Written by Russ Gadzhiev, PhD
“Never be bullied into silence. Never allow yourself to be made a victim. Accept no one’s definition of your life; define yourself.” – Harvey Fierstein
“Cyber bullies can hide behind a mask of anonymity online, and do not need direct physical access to their victims to do unimaginable harm.” – Anna Maria Chavez
“Unless and until our society recognizes cyber bullying for what it is, the suffering of thousands of silent victims will continue.” – Anna Maria Chavez
The Internet has helped learning online become a widespread practice. Indeed, because of the Internet, many people now have access to things that had not been as accessible before. However, with the advent of the online era, new challenges now face children and their parents. One of these challenges is cyber bullying.
What is cyber bullying? Concisely, cyber bullying is a form of harassment that takes place online. It has become increasingly widespread and any child, who spends considerable time online, may be vulnerable to cyber bullying. As a parent, you need to be aware of the potential dangers of social media and you need to know what things to do if your child becomes the target of online bullying. In this article, we are going to discuss three important things that you need to do to make sure that your child is using social media in a safe way.
So, as a parent, what can you do to make sure that your child does not become the victim of online bullying? Fortunately, there are many things that you can do and below you can see the three most important ones:
Understand How Social Media and Messaging Apps Function
Yes, you believe that you already have exceptional knowledge about the existing apps and platforms. But the point here is that you need to be aware of the social media and messaging apps that your child has on their phone or their computer. Be aware that there are various apps that can be dangerous. Life-streaming and video chat apps, dating apps, mining apps and many others fall under that category.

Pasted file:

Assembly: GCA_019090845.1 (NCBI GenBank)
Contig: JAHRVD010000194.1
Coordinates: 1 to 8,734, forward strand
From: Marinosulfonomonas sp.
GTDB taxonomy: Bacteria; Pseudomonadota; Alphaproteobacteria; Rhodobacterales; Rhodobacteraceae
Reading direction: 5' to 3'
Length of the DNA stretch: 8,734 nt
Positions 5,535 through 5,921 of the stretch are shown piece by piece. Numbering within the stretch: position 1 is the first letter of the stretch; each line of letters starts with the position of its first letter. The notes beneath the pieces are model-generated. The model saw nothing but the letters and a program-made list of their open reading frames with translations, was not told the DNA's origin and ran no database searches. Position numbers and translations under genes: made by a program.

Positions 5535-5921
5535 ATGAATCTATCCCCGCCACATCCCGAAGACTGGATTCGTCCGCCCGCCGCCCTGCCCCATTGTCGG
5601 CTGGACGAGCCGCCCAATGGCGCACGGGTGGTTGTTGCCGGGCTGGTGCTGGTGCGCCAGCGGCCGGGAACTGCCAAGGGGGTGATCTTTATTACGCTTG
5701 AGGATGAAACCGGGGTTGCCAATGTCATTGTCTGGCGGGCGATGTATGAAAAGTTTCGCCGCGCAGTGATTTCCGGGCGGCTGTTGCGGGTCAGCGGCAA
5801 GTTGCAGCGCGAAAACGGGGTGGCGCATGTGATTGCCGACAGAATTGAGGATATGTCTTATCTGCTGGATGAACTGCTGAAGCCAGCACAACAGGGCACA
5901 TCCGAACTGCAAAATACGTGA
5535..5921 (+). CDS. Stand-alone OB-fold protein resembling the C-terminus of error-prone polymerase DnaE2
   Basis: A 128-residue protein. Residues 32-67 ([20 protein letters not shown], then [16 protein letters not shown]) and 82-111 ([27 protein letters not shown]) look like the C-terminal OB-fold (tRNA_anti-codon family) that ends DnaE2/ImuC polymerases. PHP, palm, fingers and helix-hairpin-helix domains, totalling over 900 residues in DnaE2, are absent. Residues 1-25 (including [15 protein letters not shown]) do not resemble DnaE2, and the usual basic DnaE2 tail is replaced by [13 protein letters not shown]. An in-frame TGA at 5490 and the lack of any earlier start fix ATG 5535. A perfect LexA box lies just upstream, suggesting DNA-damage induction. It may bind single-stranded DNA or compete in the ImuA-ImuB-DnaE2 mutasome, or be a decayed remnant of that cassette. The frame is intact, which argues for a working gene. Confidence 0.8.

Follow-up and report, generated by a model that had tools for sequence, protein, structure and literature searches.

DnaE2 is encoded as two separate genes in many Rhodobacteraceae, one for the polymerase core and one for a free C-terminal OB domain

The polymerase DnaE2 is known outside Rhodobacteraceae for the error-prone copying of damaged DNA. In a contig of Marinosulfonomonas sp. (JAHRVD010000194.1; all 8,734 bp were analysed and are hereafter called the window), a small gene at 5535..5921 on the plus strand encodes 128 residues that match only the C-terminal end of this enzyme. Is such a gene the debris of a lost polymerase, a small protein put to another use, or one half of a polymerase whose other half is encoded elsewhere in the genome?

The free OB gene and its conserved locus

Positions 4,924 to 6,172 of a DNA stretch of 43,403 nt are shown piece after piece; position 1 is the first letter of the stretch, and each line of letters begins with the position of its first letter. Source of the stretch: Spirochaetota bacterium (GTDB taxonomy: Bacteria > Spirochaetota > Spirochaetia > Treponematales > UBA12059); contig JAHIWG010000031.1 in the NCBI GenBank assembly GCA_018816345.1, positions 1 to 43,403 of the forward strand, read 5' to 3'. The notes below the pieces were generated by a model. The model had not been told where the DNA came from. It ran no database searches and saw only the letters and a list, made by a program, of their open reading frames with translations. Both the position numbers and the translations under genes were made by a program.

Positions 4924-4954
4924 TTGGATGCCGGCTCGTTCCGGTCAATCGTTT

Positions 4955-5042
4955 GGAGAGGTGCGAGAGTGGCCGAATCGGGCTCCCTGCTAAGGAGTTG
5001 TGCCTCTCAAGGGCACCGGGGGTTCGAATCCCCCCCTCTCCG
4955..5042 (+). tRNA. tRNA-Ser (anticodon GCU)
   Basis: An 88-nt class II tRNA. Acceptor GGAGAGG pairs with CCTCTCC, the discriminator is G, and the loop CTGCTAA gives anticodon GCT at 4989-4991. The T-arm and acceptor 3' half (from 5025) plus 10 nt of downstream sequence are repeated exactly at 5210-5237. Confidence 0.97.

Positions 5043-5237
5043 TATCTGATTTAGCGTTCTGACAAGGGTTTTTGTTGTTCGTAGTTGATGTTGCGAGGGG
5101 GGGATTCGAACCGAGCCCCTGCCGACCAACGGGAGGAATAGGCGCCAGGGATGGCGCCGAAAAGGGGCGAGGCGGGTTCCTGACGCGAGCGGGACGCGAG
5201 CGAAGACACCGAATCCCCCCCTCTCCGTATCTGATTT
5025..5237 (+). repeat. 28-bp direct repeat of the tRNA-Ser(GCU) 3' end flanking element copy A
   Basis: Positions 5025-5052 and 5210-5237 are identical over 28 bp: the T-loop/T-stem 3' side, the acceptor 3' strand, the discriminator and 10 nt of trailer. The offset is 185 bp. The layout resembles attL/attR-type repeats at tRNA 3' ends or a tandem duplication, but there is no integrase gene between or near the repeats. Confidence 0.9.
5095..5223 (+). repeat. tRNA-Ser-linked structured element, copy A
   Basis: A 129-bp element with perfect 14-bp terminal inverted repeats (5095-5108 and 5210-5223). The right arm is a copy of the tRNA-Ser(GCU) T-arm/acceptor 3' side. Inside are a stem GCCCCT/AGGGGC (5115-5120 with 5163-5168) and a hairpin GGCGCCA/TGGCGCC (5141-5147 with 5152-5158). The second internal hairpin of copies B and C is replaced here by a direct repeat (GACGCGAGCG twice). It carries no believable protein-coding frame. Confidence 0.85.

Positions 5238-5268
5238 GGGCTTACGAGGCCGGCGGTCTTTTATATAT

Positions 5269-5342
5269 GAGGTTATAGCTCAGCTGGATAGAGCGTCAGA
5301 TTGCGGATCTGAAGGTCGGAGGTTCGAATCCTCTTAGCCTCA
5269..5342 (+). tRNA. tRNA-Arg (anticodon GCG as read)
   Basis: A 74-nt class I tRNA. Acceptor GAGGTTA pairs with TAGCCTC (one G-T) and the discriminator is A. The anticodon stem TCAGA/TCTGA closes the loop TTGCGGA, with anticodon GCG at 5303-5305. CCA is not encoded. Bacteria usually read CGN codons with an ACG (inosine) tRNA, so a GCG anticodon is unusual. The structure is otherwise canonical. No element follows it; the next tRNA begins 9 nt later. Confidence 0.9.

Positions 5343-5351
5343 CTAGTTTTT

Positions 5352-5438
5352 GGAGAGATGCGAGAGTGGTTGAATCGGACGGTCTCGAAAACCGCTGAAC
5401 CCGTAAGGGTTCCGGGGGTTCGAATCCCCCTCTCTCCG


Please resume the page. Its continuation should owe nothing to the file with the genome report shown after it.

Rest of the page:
Knowledge of technology is even more important if we consider that children may be reluctant to share their problems with you, knowing that they will have to explain to you how technology works.
So do some research and find out how the platforms and apps that your child is using are working. This will help you prevent potential problems before they emerge. You can simply turn to Google with a quick query: “How does Instagram work?” You will immediately be given a lot of useful articles that will help you be informed on the undesirable effect of this app. Remember, if you are well-informed, you will be able to make an effective strategy on how to prevent cyber bullying from happening.
Learn About Cyber Bullying
Although this piece of advice may seem obvious and even not worth mentioning, but the truth is that cyber bullying is becoming increasingly sophisticated every year. Those who engage in cyber bullying are becoming increasingly creative and their actions are not always easily discerned. Although it is impossible to anticipate all their thoughts, intentions and tactics, there are a few things that you should know.
First, cyber bullying is not always limited to online harassment. Cyber bullies do many other things. So, for example, they can post embarrassing or unflattering pictures of their victim or even Photoshop them to make fun of their victim. These photos then go viral among kids and cause serious embarrassment and problems for those whose photos have been posted.
There is another form of cyber bullying – cyber bullies create fake accounts to “troll” (that is, make fun of) others without revealing their identity. They can also take a photo of a conversation that was supposed to be private and then publish it without asking for any permission. So as a parent you need to be aware of all these pitfalls related to the use of social media by your child.
Initiate a Conversation with Your Child About Cyber Bullying and Continue to Discuss
So, after doing some research on how cyber bullying works and learning about the nature of social media you can proceed to the next step. Start talking to your child about cyber bullying and do subtle steps to raise their awareness about the topic. Teach them how to identify the signs of cyber bullying and ask them to inform you whenever they see it.